Univariate analysis showed that the incidence of LL/CL was not related to gender, age, histologic type, and side of dissection. However, BMI ≥ 24 and lymph nodes dissected in IV region > 10 were the promoting factors for postoperative LL/CL occurrence, while lymph nodes dissected in IV region ≤ 5 and the using of the POFC method could effectively prevent postoperative LL/CL occurrence. Multivariate analysis showed that both the number of lymph nodes dissected in the IV region and using of the POFC method were independent risk factors that significantly affected the incidence of LL/CL post-LLND (Table 3).
The thoracic duct drains 3/4 of the systemic lymph, runs in the lower neck that is lateral to the carotid sheath, and terminates on the left venous angle. The remaining 1/4 of the systemic lymph is drained into the right subclavian vein via the lymphatic duct [15,16,17]. They have different degrees of individual anatomic variation in this region . The anatomic variation and transparent appearance of the lymphatic duct increase the risk of iatrogenic injury during surgery. According to literature statistics, the incidence of increased drainage and lymphatic leak (LL) or chyle leak (CL) caused by cervical lymph node dissection is 5–35% [19,20,21] and the incidence of serious complications due to CL is about 3–8% [22, 23], which is consistent with the data we reported in this study. Prevention is the key to reduce postoperative complications after LLND. Due to the anatomy of the local IV region, surgeons agree that appropriate management of the level IV region directly affects the incidence of postoperative complications .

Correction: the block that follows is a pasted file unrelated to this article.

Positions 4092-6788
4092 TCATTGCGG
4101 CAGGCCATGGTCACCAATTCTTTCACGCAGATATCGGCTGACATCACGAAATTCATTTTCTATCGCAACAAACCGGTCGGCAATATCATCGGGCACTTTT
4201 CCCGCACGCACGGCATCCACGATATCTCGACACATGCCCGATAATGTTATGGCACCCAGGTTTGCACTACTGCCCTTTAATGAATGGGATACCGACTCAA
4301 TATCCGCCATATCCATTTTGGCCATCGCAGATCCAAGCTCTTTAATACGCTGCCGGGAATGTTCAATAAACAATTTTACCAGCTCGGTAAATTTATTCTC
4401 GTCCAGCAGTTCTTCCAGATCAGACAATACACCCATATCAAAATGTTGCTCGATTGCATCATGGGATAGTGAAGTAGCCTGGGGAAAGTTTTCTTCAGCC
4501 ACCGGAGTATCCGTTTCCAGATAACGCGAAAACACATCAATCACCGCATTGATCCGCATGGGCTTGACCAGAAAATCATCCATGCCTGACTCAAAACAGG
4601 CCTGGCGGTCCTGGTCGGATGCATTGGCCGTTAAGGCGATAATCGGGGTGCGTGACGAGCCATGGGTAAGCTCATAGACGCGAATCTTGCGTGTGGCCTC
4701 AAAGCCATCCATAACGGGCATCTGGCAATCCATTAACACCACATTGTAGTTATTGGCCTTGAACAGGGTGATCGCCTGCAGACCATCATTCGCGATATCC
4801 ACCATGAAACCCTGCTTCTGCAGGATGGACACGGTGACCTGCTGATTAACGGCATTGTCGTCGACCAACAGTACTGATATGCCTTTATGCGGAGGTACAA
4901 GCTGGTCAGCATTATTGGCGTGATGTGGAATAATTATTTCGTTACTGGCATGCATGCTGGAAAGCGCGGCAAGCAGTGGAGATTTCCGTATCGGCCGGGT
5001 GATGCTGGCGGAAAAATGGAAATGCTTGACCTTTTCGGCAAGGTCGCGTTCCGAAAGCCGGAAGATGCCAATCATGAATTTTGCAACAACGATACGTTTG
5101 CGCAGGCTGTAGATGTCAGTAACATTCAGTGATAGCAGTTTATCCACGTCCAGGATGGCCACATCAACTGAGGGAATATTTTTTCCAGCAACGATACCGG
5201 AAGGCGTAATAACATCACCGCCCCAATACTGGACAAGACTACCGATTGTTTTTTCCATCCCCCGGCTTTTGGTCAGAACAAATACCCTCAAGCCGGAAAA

The level IV region is one of the most common areas of CLNM in thyroid cancer , and meticulous dissection and protection of thoracic or lymphatic ducts during surgery are the main methods to avoid iatrogenic injury. Positive pulmonary pressure ventilation can be performed with the assistance of an anesthesiologist to observe whether there is obvious lymphatic exudation in the IV region after dissection (Fig. 3). Lymphatic vessels are composed of a monolayer of endothelial cells and lack elastic fibers . If no obvious lymphatic drainage is visible, no further treatment is required. Blind suturing may result in tearing of the duct walls, leading to a severe leak. This method, however, may miss the remnants of the smaller lymphatic branches. The small branches are difficult to detect through the eyes under intraoperative anesthesia, and the supraclavicular fossa is not easy to be compressed by gauze after the operation because of its anatomic position. In addition, respiratory, exercise, cough, pain, high-fat diet, and other factors can lead to the lymphatic vessel reopening and the lymphatic drainage fluid increased. LL occurs when the drainage exceeds 200 mL/24 h, usually most obvious on days 2–3 postoperatively . In this study, 4 cases of LL (1 case on the right, 3 cases on the left) and 1 case of CL (1 case on the left) occurred after surgery in the control group. They started 1–4 days after surgery, and all patients were relieved within 11 days after conservative treatment. We found that negative pressure vacuum alone can be used if only LL and the drainage volume < 1000 mL/day; this method had also been reported by other authors [28, 29]. There was no LL/CL happened in the observation group. The routine follow-up patients’ self-satisfaction score in the control group was lower than that in the observation group. The main reason is that extubation time and duration of hospital stay are higher in the control group.